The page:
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Old 04-02-2005, 11:05 PM   #1
Great_Mizuti
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not writing to FAT32


Hey, recently I have kinda rearranged my hard drive with some paritions. I am using Linux to do some Computer Science homework for college. I have a windows partition (NTFS), a linux partition (ext2) to keep all of my system stuff on (I'm using Knoppix 3.7), and another partition to trade files between the 2 partitions (FAT32, and rightly named Purgatory :-P). For some reason, windows can write to Purgatory, but linux cannot. What's the deal with that? By the way, I'm pretty much a complete newbie when it comes to linux.
 
Old 04-03-2005, 12:05 AM   #2
JaseP
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Can you see "purgatory" from your file managers in Linux???
 
Old 04-03-2005, 12:16 AM   #3
volvogga
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Linux is all about permissions.
This can be handy, or it can be a real pain, especially on a single user system.

I'm going to assume that you are mounting the partition 'Pugatory' (nice) from the boot up in your fstab. Let me ask, can you write to the vfat partition as root? If so, then this is a permission problem simmilar to the one I grappled with. A print-out of your fstab would be nice to look in greater depth at your problem.

If your looking to start trying stuff, this is the line to mount my vfat partition from my fstab:

/dev/hdb3 /DATA vfat users,owner,rw,umask=000 0 0

The /dev/hdb3 means primary slave hard drive, partiton number 3. The /DATA is my mount point. vfat is the filesystem. The rest (with the exception of the last 0-space-0) are the permissions to give all users read/write access.

Hope this helps ya out.
 
Old 04-03-2005, 12:51 AM   #4
Great_Mizuti
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Well.... umm... Let's start out with some answers. Yes I can see the hda3 (purgatory, glad ya caught on ) partition in the file manager, and I can look around in it. When I start Knoppix, all I do at the boot command is

boot: knoppix home=/dev/sda1

This is because I messed around with my flash drive being my persistent home directory before I decided to partition my hard drive (I now want, and have, my home to be on hda2, the ext2 partition). I just noticed that I can't write to my ext2 partition either . That does not seem right at all. Thanks for the help... I'm really new at this stuff.

Edit:
Well, I've kinda figured some stuff out. I now have my ext2 partition as my home, and I can write to it now. I've also tried some other things. I can write to the partition with root. If I mount using the desktop (presumably the normal terminal as opposed to root), I cannot write to the partition.

Also, here is my original fstab:

/proc /proc proc defaults 0 0
/sys /sys sysfs noauto 0 0
/dev/pts /dev/pts devpts mode=0622 0 0
/dev/fd0 /mnt/auto/floppy auto user,noauto,exec,umask=000 0 0
/dev/cdrom /mnt/auto/cdrom auto user,noauto,exec,ro 0 0
/dev/cdrom1 /mnt/auto/cdrom1 auto users,noauto,exec,ro 0 0
# Added by KNOPPIX
/dev/hda1 /mnt/hda1 ntfs noauto,users,exec,ro,umask=000,uid=knoppix,gid=knoppix 0 0
# Added by KNOPPIX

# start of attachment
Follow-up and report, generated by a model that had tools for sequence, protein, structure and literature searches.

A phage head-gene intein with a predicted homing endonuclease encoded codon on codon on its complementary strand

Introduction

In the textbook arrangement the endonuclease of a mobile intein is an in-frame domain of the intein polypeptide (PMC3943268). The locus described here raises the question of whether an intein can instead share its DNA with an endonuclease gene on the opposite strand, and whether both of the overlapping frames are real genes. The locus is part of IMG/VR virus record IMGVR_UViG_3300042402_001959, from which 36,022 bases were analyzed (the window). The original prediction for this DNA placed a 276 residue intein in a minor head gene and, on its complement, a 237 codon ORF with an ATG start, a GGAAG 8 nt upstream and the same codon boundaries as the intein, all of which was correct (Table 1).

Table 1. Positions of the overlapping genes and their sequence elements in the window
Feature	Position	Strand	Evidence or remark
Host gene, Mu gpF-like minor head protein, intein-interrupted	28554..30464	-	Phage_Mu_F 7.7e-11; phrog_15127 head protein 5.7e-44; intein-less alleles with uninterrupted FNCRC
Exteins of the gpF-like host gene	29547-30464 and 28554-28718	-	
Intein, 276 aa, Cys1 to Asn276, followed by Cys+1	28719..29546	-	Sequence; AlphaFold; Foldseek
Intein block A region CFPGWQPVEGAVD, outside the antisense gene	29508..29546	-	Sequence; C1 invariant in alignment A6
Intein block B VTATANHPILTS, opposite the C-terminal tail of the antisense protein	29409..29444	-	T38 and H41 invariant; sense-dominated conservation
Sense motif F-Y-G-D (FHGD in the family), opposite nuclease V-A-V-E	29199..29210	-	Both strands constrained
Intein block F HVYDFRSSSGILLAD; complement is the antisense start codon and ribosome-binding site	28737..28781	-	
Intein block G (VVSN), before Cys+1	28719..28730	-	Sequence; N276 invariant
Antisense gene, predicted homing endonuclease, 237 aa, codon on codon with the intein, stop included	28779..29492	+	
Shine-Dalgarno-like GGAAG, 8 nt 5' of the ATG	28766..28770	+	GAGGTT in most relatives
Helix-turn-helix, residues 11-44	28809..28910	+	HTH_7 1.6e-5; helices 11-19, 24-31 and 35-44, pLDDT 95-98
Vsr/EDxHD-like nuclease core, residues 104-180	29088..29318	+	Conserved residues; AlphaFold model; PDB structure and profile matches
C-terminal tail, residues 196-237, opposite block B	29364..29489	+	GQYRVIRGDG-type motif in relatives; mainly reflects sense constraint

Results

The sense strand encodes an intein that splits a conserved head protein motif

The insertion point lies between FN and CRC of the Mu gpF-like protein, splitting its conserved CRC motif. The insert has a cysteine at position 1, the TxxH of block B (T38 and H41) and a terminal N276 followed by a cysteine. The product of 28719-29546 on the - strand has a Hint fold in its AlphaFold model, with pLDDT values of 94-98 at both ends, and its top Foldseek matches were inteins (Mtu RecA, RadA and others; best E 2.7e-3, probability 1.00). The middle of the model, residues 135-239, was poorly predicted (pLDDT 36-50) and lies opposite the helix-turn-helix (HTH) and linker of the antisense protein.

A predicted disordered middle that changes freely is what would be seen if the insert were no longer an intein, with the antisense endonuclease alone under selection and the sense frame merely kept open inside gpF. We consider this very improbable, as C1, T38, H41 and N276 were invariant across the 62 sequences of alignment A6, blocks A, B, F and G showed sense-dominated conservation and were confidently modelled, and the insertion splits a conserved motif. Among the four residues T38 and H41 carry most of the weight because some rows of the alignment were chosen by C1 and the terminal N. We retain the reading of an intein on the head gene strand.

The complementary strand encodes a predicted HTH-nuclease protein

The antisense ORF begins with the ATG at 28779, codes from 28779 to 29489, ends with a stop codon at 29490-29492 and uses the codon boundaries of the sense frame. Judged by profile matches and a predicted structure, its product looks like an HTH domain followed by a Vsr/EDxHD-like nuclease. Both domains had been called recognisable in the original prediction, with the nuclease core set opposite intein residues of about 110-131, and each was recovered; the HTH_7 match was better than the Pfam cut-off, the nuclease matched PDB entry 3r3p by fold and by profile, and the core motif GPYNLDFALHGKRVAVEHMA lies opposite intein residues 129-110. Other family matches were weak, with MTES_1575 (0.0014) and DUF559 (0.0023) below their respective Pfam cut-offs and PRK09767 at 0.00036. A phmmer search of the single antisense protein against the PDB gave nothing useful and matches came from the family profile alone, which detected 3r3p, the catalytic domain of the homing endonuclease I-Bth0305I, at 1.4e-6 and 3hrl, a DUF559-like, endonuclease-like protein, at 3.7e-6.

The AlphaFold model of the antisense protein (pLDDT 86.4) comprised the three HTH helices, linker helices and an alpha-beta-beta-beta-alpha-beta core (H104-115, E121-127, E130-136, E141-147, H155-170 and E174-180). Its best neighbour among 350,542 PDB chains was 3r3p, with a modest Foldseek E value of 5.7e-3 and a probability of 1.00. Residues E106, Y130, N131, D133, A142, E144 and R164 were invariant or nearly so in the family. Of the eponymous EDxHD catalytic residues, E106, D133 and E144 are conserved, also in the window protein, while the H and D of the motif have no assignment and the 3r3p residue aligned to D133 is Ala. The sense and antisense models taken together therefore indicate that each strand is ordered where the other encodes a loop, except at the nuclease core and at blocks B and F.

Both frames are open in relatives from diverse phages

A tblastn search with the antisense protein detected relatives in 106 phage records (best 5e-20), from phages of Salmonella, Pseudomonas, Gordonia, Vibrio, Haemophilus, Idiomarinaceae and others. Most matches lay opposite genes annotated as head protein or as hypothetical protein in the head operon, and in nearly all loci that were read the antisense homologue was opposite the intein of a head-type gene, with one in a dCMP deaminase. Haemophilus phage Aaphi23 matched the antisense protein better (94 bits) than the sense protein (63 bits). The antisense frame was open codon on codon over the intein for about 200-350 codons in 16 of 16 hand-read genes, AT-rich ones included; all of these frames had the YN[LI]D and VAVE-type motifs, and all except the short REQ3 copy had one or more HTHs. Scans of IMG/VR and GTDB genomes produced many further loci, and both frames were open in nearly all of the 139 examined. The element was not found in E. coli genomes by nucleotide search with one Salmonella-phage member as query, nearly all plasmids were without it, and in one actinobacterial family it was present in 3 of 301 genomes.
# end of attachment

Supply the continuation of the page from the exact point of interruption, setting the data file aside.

/dev/hda2 /mnt/hda2 ext2 noauto,users,exec 0 0
# Added by KNOPPIX
/dev/hda5 /mnt/hda5 vfat noauto,users,exec,umask=000,uid=knoppix,gid=knoppix 0 0

Last edited by Great_Mizuti; 04-03-2005 at 03:28 AM.
 
Old 04-03-2005, 05:39 PM   #5
volvogga
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Sorry but you lost me.

What exactly can and can't you write to now?

Do you still use /dev/sda1 (this is a flash drive, right?) and is that command still required for you to boot?

Also please post your new fstab.

Sorry about answering a question with more questions.
 
Old 04-03-2005, 06:06 PM   #6
Great_Mizuti
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Yeah, sorry bout the confusion. I have my peristent home set on hda2 (ext2 partition). Modified fstab (where I took your advice): I can write to FAT32 partition with root, but not with the graphical file manager (i.e. desktop / windows, and I'm assuming KDE, but since I'm a linux newbie... I'm not completely sure what that means). I do not use my flash drive anymore. My new fstab, as I said before, is exactly the same, but instead of :
/dev/hda5 /mnt/hda5 vfat noauto,users,exec,umask=000,uid=knoppix,gid=knoppix 0 0

I have:

/dev/hda5 /mnt/hda5 vfat users,owner,rw,umask=000 0 0

Hope this clears some stuff up.
 
Old 04-03-2005, 06:46 PM   #7
volvogga
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So I am correct in thinking that you can still write to it in Windows (Microsoft) and in Linux as root, regardless of wether you are in a terminal, virtual desktop (think thats what its called, it is like a full screen terminal), or the GUI (your KDE desktop window manager), and that your only problem is when you are logged in as a user, right?

OK, I'd have bet good money that the fstab umask option would have cleared your problems right up. This will require a little research. In the meantime, check the permissions on the /mnt/hda5 subdirectory. This is done by the command 'ls -l /mnt/' (at least I think that will work) and read the right most column of the corresponding line for hda5. This could be the problem.
 
  


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